Foreground | Critics of plans to put up Sámi road signs in Tromsø, Norway, accuse the city of trying to rewrite history
Attentive delegates to Arctic Frontiers, a big annual conference that took place in Tromsø, Norway, last month, will have noted that next year’s gathering will be held in early February. Changing the dates will allow it to overlap with Sami Week, a city-wide festival that itself coincides with Sámi National Day, held each year on Feb 6.
Arctic Frontiers is one of the region’s biggest events, and the organisation that stages the conference reckons it brings 3,000 people to the city. The shift, therefore, has the potential to bring with it a slew of additional exposure. Currently, Arctic Frontiers is held in the gap between two of the three big culture events organised in the city at this time of year; the Tromsø International Film Festival ends the weekend the conference begins, while Nordlysfestivalen, a music festival, begins when it ends. Timing it with Sámi Week may help put to rest past criticism of limited Sámi involvement in Arctic Frontiers.
What delegates unable to follow the local media during this year’s Arctic Frontiers likely missed was a sudden flaring up of a discussion about whether Tromsø is, in fact, a Sámi city, and thus whether municipal authorities should be required to foot the bill to put up signs identifying 19 places by both their Norwegian and Sámi names, including the city itself.
By law, Norwegian authorities are required to add Sámi (as well as Kven, another minority) names to signs, if they are determined to be traditional, or if groups from either minority have lived or worked in a specific area.
Opponents of the measure, led by Bodil Ridderseth Larsen, a member of the local council whose criticism breaks with her party’s support for the signs, say that, for the places in question, this is not, nor has it ever been, the case.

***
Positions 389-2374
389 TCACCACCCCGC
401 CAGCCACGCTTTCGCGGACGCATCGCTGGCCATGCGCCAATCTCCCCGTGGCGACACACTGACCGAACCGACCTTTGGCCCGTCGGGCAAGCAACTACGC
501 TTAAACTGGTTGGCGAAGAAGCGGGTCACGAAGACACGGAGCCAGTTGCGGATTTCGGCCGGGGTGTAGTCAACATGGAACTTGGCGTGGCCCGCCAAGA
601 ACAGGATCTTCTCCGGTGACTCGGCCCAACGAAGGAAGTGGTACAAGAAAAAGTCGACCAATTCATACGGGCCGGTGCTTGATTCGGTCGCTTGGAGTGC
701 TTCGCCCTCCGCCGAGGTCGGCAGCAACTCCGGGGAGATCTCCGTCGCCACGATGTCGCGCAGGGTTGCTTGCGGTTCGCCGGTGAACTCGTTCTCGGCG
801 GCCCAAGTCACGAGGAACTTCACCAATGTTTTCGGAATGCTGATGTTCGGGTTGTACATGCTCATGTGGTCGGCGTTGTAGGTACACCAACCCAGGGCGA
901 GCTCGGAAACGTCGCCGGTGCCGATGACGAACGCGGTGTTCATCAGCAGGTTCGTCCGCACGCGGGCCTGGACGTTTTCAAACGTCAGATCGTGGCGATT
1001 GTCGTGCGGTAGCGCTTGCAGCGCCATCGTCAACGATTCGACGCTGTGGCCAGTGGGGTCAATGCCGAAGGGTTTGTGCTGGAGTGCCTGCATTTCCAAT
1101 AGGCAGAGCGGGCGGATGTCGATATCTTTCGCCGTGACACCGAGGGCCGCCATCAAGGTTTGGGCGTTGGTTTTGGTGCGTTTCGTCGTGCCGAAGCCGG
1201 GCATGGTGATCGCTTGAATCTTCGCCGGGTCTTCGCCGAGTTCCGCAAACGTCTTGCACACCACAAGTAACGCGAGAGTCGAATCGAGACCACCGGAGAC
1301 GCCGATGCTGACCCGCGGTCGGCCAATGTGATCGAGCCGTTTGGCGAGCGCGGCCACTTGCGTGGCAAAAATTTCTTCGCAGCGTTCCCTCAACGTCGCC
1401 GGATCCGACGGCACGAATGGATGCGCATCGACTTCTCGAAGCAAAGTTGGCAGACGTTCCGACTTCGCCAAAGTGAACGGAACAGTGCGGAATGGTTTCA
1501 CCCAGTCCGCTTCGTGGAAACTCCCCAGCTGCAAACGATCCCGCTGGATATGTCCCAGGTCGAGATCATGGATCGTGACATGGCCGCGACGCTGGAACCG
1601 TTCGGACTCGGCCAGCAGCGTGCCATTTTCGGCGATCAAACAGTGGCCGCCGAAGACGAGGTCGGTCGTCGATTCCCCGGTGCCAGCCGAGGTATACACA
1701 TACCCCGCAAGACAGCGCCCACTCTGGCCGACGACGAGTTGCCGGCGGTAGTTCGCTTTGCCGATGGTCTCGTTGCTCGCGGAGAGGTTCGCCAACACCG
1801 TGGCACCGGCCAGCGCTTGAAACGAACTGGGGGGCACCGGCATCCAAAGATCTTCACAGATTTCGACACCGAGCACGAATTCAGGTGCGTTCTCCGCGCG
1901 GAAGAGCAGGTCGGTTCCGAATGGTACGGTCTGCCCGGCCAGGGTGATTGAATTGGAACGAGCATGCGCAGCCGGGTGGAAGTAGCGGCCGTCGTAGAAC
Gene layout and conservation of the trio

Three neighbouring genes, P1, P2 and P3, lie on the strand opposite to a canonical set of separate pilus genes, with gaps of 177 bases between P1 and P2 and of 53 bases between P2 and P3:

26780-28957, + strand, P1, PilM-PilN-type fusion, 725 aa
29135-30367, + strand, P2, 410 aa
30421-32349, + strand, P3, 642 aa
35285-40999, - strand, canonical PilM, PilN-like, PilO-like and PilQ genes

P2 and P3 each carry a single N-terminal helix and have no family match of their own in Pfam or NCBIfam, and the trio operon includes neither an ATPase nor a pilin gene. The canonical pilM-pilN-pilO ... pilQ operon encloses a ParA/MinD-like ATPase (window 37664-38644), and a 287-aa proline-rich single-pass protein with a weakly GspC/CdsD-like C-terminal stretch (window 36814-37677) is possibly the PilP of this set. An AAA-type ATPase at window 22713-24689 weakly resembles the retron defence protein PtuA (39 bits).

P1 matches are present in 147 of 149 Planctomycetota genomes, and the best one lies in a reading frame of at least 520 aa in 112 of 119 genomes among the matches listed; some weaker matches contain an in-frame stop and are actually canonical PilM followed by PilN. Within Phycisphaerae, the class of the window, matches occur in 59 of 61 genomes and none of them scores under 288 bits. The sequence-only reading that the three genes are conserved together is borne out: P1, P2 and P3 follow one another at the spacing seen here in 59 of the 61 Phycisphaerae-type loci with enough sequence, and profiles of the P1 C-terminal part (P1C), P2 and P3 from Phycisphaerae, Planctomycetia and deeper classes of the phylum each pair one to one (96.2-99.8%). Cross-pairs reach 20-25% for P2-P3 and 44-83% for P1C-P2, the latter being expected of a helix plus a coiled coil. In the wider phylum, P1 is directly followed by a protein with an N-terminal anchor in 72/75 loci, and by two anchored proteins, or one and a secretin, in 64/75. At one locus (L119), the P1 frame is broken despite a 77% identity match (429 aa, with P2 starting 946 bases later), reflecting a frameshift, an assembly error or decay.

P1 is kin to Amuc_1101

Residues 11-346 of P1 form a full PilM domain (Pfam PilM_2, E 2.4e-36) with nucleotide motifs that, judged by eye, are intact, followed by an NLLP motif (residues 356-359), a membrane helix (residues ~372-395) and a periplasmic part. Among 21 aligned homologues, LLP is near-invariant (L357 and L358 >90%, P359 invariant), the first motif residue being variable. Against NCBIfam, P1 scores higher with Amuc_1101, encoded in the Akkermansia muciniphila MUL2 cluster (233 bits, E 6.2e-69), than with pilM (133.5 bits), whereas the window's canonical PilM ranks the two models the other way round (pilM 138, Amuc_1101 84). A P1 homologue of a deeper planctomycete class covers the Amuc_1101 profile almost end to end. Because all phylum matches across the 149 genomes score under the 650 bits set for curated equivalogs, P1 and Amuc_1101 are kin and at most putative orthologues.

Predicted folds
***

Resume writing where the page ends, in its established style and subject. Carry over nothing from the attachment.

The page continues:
The validity of the claim is a matter for the academics sort out. While they are doing that, the city’s 1,500 or Sámi will go on calling it Romsa. Others note, that, even if she were right, Tromsø is the group’s second-largest population centre in Norway, behind Kautokeino, and that putting up signs falls under a requirement written into the Norwegian constitution that requires measures be taken to promote Sámi language, culture and society.
Other institutions in Tromsø already use Sámi on signage and in other communication, as do local and regional authorities elsewhere in Norwegian Sápmi. Bodø, for example, went through the same process of granting Sámi names official status in 2004. Instances of road signs being vandalised have been reported, but officials say this does not reflect the general attitude.
In a letter-to-the-editor published by Nordlyset, a local news outlet, on January 21 and since roundly criticised by her own party members, other local lawmakers and members of the Sámi community, Larsen argued against the additional names, in part, because Tromsø was calling itself ‘the Paris of the North’ before it was known as a Sámi city, and that this would make French names more appropriate.
These days, modern visitors are more likely to recognise the ‘Arctic capital’ nickname, by which the city markets itself abroad. When delegates arrive next year, it may be hard for them not to note that the city has yet another name it can go by.
A place for their art
Reindeer racing in Tromsø during Sami Week
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